The Endocrine Society

The Endocrine Society

March 06, 2015
2 min read

Prolia reverses cortical bone density loss in women with postmenopausal osteoporosis

You've successfully added to your alerts. You will receive an email when new content is published.

Click Here to Manage Email Alerts

We were unable to process your request. Please try again later. If you continue to have this issue please contact

SAN DIEGO — Treatment with Prolia helped stop and reverse cortical bone density loss at the wrist among women with postmenopausal osteoporosis, according to study findings presented here.

“The skeleton is 80% cortical bone and cortical bone loss contributes importantly to increased fracture risk,” the researchers wrote. “Denosumab has been shown to increase [bone mineral density] at sites of cortical bone, including the 1/3 radius, a skeletal site not responsive to most osteoporosis treatments.”

John P. Bilezikian, MD, of Columbia University, and colleagues evaluated data from 2,207 women from the FREEDOM Trial for 1/3 radius BMD changes and wrist fracture rates during 3 years of treatment with placebo who were then treated with 60 mg Prolia (denosumab, Amgen) for 6 years in the FREEDOM Extension Trial. All participants received daily calcium and vitamin D supplementation.

John P. Bilezikian

John P. Bilezikian

“The important point to make is that this study tracked the first 3 years of the placebo arm and the subsequent years when the placebo-treated subjects were treated with denosumab,” Bilezikian told Endocrine Today.

A substudy of 115 participants also received DXA measurements at baseline, FREEDOM (1-3 years) and FREEDOM Extension (years 1-3 and 5).

Compared with FREEDOM baseline, a progressive and significant loss of BMD at the 1/3 radius was found during the 3 years of the FREEDOM trial (–1.2%; P < .05). However, during FREEDOM Extension, denosumab resulted in a reversal and 1.5% BMD gain at the 1/3 radius by year 5 (P < .05).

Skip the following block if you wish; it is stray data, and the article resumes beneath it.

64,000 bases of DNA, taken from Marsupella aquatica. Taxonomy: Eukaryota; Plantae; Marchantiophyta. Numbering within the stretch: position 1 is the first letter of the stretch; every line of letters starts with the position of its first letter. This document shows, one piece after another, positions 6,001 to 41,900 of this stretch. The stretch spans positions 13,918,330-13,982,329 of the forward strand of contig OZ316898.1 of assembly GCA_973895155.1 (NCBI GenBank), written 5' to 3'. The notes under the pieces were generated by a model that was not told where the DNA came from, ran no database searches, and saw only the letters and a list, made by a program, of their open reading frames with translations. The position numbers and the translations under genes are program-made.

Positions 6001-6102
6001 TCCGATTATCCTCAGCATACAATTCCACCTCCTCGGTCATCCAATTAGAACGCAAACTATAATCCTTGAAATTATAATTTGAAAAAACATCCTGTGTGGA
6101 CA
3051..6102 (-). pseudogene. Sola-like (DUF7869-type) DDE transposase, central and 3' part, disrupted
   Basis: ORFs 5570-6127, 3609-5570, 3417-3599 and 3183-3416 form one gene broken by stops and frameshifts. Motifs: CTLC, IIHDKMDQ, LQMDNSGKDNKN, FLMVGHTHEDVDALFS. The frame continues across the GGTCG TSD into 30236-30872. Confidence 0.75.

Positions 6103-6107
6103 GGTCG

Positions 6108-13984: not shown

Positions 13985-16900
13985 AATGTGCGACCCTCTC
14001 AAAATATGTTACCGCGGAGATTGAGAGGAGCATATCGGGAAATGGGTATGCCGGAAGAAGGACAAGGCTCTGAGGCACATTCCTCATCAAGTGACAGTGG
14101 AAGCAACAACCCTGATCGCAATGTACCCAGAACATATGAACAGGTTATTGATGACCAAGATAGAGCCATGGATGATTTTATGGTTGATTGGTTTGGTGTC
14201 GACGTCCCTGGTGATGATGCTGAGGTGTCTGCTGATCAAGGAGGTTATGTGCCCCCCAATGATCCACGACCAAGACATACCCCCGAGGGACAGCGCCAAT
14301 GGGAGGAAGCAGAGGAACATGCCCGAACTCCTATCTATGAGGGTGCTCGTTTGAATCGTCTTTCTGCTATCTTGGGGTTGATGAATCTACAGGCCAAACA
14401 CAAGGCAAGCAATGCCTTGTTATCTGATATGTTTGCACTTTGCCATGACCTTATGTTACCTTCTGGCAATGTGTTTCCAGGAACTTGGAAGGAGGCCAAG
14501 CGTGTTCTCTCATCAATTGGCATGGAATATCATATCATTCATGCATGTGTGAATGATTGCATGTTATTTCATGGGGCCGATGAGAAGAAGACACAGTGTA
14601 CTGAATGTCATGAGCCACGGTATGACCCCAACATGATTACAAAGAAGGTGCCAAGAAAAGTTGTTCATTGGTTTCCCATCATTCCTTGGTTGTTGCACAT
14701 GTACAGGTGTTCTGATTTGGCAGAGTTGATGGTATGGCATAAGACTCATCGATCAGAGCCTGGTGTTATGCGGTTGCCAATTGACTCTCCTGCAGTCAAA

Wrist fracture rate was 1.02 per 100 person-years during the FREEDOM trial; wrist fracture rate remained comparable during the first 3 years of the Extension Trial, whereas BMD was recovered with denosumab and returned to original baseline levels.

BMD increased over baseline during years 4 and 5 of the Extension Trial, and the rate of wrist fractures reduced significantly compared with FREEDOM (RR = 0.57; 95% CI, 0.34-0.95).

Similarly, through the end of the Extension Trial, the rate of wrist fractures remained lower than that during the FREEDOM Trial (RR = 0.61; 95% CI, 0.39-0.94).

“During the first 3 years of FREEDOM, the placebo arm lost distal radius density, but during the period when the placebo arm was treated with denosumab, bone density was reversed and was associated with a reduction in wrist fractures,” Bilezikian said. “The study is important because it associates an effect of denosumab to improve cortical bone density with a clinically significant endpoint, namely wrist fractures.” ­– by Amber Cox


Bilezikian JP, et al. OR22-1. Presented at: The Endocrine Society Annual Meeting; March 5-8, 2015; San Diego.

Disclosure: Bilezikian reports various financial ties with Amgen, Asahi, Johnson and Johnson, Merck and NPS Pharma. The study was funded in part by Amgen. Please see the full study for a list of all other authors’ financial disclosures.